In this first section we collect some material concerning the geometry of
wedges in vector spaces and invariant wedges in finite dimensional modules of
compact groups. A rather complete reference for the geometry of wedges is the
first chapter in [HHL89]. We recall the definitions and propositions which are
needed later and sketch some of the elementary proofs. We will see in Section III
that it is possible to classify invariant wedges in Lie algebras by their intersections
with certain subalgebras which are the set of fixed points of an action of a compact
group of automorphisms of the Lie algebra. This is where the theory of wedges
in K-modules is needed. Throughout this section L denotes a finite dimensional
vector space.
Definition 1,1. Let L be a finite dimensional vector space. A subset W is
called a wedge if it is a closed convex cone. The vector space H(W) := W fl W
is called the edge of the wedge. We say that W is pointed if the edge of W is
trivial and that W is generating if W W = L. We denote the dual of L with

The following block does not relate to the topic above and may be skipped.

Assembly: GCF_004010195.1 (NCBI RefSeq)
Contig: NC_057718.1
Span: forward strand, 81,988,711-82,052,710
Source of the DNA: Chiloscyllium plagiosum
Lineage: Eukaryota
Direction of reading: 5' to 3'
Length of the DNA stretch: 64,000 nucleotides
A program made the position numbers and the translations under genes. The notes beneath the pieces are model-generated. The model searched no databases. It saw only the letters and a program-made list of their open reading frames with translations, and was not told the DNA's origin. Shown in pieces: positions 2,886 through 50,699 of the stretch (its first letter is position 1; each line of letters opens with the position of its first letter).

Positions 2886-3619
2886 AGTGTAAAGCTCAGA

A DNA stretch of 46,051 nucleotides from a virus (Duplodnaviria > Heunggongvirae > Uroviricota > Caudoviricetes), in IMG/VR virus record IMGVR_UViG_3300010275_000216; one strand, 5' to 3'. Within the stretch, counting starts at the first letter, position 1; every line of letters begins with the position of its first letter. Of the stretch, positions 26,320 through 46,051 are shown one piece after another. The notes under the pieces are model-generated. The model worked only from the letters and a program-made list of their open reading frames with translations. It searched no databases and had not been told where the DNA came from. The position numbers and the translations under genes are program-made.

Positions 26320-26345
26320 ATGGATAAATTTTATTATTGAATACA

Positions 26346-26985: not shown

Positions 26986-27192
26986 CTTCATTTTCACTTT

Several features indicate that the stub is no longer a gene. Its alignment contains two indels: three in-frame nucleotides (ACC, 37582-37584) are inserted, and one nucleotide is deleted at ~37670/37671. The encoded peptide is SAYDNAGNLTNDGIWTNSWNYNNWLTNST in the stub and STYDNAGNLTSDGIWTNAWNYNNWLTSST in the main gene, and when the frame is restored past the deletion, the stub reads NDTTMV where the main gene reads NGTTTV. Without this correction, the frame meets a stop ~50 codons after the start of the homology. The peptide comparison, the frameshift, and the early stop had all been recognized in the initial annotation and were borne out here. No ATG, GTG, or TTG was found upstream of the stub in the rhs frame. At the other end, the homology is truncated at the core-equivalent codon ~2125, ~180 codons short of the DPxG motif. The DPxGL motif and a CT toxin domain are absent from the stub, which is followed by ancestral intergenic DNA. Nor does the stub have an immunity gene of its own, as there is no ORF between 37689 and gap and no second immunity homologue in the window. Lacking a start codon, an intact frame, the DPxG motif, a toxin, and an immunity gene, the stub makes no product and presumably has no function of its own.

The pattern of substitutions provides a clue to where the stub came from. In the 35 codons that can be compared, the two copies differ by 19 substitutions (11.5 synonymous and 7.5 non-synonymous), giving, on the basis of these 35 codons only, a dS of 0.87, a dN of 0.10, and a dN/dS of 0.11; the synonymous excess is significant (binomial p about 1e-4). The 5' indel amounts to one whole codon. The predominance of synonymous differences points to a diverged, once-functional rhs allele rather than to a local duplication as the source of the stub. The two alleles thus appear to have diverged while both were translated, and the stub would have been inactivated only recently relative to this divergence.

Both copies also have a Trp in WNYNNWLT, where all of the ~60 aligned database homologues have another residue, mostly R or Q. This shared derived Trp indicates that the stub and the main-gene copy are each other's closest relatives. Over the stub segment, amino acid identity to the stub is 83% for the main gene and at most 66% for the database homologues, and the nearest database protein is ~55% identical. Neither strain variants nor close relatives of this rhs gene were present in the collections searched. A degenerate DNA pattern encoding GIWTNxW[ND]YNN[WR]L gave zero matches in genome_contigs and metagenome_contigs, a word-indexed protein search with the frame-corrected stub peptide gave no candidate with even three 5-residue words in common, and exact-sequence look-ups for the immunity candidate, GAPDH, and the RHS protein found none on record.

L. The dual wedge W* C L is the set of all functionals which are non-negative
on W. We set
algint W := {x G W : u(x) 0 for all u e W* \ H(W*)}.
Proposition 1.2. We identify the dual of L with L. Then the following
assertions hold for a wedge W C L:
(1) (W*)* = W.
(2) W is generating iff W* is pointed and conversely W is pointed iff W* is
(3) UJ e algint W* iff w(x) 0 for all x G W \ H(W) and algint W is the
interior of W with respect to the subspace W W of L.
(4) For a family {W{)i^i of wedges in L we have that
(f| Wiy
= ]TW?
and (£,
iei iei iei iei
Proof. (1) [HHL89, 1.1.4]
(2) [HHL89, 1.1.7]
(3) [HHL89, 1.2.21]
(4) [HHL89, 1.1.6]
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